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High Tide Level
Eastern Warm Temperate Zone

Graphic of the Tidal Zonesd on a rocky ocean shore

The High Tide Level is also called the Upper Barnacle Zone by some researchers, most notably Isobel Bennett and the late William John Dakin in their various well-known books titled "Australian Seashores".

At first sight a barnacle may appear to be another type of mollusc, something like a limpet. Instead of holding fast onto the rock with a strong foot, their shells are cemented onto the rock.

Barnacles are crustaceans, related to crabs and prawns. There are about seven different types of barnacle found along the south-eastern shores of Australia. They are all found at various tide levels. In some zonation classification systems the barnacles are considered to be key zonation indicator species.


Small photo of the Six-plated BarnacleThe highest occurring barnacle on the shore is the Six-plated Barnacle, Chthamalus antennatus. It is distinguished by the distinctive breaks (sutures) between the shell plates, and some surfaces weathering to a glistening white "Tooth enamel" appearance.

Small photo of the Honeycomb BarnacleIt often occurs with another barnacle, the smaller four-plated Honeycomb Barnacle, Chamaesipho tasmanica. Sometimes they are difficult to tell apart if they are crowded together or are weathered. The small Honeycomb Barnacle may be very common to abundant over the mid to upper intertidal areas of many rocky shores. On some shores there may be so many of these barnacles, that the rock surface is white over very large areas. The pattern formed by these tight-fitted barnacles gives the common name, "Honeycomb" barnacle.

Decapod Crabs

There are two other very common swift-footed crustaceans that live on the high shore. They sometimes roam above the highest tide levels. They are members of the Decapod crab group. Decapod means ten limbs, where there are eight walking or swimming legs and two feeding claws called chelae.

Small photo of the Variegated Shore Crab.The most common crab is the Variegated Shore Crab, Leptograpsus variegatus. Its other common name is "steelback" which well describes its colour and pattern. This abundant, conspicuous, swift crab is found on most non-tropical rocky shores.

Small photo of the Smooth Shore CrabAnother, not quite so common crab is Smooth Shore Crab, Cyclograpsus audouinii. It occurs on the open coast at all tide levels and below, usually sheltering under rocks on rocky or silt bottoms. It also occurs commonly in estuaries. There is great colour variation, but its lack of shell markings (smooth) and very rounded claws (cyclo = round; grapsus = claws) make it distinctive.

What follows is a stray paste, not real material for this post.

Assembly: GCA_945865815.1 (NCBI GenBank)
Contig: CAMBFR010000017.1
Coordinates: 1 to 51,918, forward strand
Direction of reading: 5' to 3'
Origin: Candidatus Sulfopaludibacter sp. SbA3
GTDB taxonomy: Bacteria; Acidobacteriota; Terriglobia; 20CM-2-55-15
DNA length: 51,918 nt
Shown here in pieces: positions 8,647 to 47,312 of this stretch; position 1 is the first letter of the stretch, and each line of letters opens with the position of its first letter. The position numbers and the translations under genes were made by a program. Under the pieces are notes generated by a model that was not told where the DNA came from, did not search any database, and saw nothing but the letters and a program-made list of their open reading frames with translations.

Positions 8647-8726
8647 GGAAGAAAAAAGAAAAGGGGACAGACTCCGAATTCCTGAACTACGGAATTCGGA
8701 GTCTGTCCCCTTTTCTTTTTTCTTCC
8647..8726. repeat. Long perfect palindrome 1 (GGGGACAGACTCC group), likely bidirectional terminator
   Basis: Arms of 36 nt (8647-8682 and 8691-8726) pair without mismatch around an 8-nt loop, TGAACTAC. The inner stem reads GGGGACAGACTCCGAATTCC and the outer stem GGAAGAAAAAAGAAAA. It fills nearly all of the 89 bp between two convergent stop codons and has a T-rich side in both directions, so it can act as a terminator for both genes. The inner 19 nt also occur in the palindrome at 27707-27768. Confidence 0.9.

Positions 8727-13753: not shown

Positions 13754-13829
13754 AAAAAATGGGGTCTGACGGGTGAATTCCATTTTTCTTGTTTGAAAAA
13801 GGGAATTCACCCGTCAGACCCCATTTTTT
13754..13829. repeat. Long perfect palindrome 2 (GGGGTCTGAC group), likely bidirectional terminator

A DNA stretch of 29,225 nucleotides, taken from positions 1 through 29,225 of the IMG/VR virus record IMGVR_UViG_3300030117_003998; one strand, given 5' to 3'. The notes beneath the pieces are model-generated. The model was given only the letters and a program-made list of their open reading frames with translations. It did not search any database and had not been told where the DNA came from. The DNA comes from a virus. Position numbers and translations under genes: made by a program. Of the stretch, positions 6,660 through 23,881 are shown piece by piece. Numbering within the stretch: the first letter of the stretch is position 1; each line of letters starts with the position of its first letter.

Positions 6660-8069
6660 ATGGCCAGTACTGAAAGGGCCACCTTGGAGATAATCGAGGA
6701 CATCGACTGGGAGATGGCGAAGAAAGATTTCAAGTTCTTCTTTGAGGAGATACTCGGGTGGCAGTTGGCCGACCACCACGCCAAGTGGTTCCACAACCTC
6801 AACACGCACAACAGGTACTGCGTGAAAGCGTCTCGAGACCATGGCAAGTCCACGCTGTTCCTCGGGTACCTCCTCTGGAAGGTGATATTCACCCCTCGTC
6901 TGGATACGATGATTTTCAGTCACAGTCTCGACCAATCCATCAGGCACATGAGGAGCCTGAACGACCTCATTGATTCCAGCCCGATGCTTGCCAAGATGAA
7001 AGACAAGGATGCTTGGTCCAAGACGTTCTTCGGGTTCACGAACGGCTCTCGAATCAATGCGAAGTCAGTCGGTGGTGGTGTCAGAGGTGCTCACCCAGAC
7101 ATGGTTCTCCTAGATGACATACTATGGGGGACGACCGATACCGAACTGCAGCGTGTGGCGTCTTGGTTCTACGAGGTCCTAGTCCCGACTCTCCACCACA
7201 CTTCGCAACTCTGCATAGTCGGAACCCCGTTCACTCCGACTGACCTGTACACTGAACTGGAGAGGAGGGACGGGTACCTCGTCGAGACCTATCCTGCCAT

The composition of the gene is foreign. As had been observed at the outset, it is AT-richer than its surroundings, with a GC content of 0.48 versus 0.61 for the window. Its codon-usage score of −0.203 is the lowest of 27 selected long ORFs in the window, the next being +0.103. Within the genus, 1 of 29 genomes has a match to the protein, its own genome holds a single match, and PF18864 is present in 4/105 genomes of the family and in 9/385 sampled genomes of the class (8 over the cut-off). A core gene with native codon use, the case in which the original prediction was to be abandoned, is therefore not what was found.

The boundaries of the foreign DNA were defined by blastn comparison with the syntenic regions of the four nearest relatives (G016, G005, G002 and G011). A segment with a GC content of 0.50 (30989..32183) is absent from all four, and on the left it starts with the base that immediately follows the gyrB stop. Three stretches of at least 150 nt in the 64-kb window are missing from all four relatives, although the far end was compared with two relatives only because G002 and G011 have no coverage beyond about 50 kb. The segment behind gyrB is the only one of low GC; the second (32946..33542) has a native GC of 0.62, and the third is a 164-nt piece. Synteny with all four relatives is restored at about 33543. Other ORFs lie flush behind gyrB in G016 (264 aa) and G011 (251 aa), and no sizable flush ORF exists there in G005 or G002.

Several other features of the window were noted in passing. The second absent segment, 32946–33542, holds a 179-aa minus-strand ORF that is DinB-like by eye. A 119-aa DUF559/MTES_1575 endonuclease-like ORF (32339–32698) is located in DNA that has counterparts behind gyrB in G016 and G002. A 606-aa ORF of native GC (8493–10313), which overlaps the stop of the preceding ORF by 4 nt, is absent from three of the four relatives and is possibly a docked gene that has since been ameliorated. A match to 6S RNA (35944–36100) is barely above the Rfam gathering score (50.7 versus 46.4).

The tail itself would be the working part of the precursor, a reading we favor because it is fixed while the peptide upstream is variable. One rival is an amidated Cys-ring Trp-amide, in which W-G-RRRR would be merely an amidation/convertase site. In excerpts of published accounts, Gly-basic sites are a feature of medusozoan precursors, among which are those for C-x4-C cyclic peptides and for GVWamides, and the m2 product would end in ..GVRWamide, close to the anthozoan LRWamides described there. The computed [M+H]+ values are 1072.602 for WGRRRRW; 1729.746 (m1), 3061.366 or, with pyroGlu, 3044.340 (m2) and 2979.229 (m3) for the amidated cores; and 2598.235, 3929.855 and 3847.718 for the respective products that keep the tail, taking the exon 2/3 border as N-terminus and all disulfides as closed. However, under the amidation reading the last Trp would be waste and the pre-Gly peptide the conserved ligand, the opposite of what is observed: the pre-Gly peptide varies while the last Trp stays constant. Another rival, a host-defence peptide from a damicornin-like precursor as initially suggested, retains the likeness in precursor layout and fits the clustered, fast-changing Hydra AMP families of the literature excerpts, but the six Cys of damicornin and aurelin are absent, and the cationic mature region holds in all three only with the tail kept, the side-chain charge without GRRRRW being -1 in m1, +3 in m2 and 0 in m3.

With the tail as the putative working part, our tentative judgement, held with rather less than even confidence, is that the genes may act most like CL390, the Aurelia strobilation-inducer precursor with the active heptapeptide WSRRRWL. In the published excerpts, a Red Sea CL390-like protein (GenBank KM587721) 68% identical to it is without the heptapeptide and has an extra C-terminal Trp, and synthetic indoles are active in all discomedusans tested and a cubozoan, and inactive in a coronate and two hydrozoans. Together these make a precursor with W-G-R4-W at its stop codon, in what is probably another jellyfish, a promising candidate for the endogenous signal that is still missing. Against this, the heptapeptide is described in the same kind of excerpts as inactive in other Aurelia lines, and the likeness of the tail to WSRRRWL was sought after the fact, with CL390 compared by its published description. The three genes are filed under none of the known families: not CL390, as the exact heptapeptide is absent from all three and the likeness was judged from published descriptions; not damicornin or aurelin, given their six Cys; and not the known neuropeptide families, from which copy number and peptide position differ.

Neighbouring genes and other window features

An unusual mollusc also lives at these highest tide levels. Unlike the Noddiwinks, it doesn't have an operculum door to keep in the scarce moisture. It must clamp itself down onto the rock to conserve moisture.

Small photo of Petterd's LimpetThe limpet which lives at these high shore levels is Petterd's Limpet, Notoacmea petterdii. It is often overlooked and missed by an inexperienced observer. Although I knew this limpet was common. The books told me so. It took me months to find one with very careful searching. When I finally found one, I soon realised that this small brown-coloured limpet is quite widespread and common. It is an excellently camouflaged mollusc. Petterd's Limpet may be found commonly on exposed vertical rock faces.

As we walk further down the Eastern Warm Temperate Zone shore we now reach the Mid Tide Level.


Bennett, I. (1987) W.J. Dakin's classic study: Australian Seashores. Angus & Robertson, Sydney.

Davey, K. (1998) A Photographic Guide to Seashore Life of Australia. New Holland, Sydney.

Edgar, G.J. (1997) Australian Marine Life: the plants and animals of temperate waters. Reed Books, Kew.

Jones, D. & Morgan, G. (1994) A Field Guide to Crustaceans of Australian Waters. Reed, Chatswood.

Quinn, G.P., Wescott, G.C. & Synnot, R.N. (1992) Life on the Rocky Shores of South-Eastern Australia: an illustrated field guide. Victorian National Parks Association, Melbourne.

Marine Research Group of Victoria (1984) Coastal Invertebrates of Victoria: an atlas of selected species. Museum of Victoria, Melbourne.

Macpherson, J.H. & Gabriel, C.J. (1962) Marine Molluscs of Victoria. Melbourne University Press & The National Museum of Victoria.

Shepherd, S.A. & Thomas, I.M. (1982) Marine Invertebrates of Victoria, Pt. 1. South Australian Government Printer, Adelaide.

Underwood, A.J. & Chapman, M.G. (1993) Seashores: a beachcomber's guide. New South Wales University Press, Sydney.

Wilson, B.R. & Gillett, K. (1979) A field guide to Australian Shells: Prosobranch Gastropods. A.H. & A.W. Reed, Sydney.

Womersley, H.B.S. (1987) The Marine Benthic Flora of Southern Australia. pt. 1 , South Australian Government Printer, Adelaide.

Tidal Levels

Splash-Fringe Level
The Tidal Zone
High-Tide level
Mid-Tide Level
Low-Tide Level
Low fringe Level
Marine Zone

Home Page
Rocky Shores
Tidal Levels
Intertidal Zonation
Environmental Factors
Biological Factors
Feeding Relationships




photo of Keith DaveyLife on Australian Seashores
by Keith Davey (C) 2000

Learning Consultant - Media
The University of Newcastle

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Scientific Consultant: Phil Colman
site created 01.01.98 : updated 01.04.2000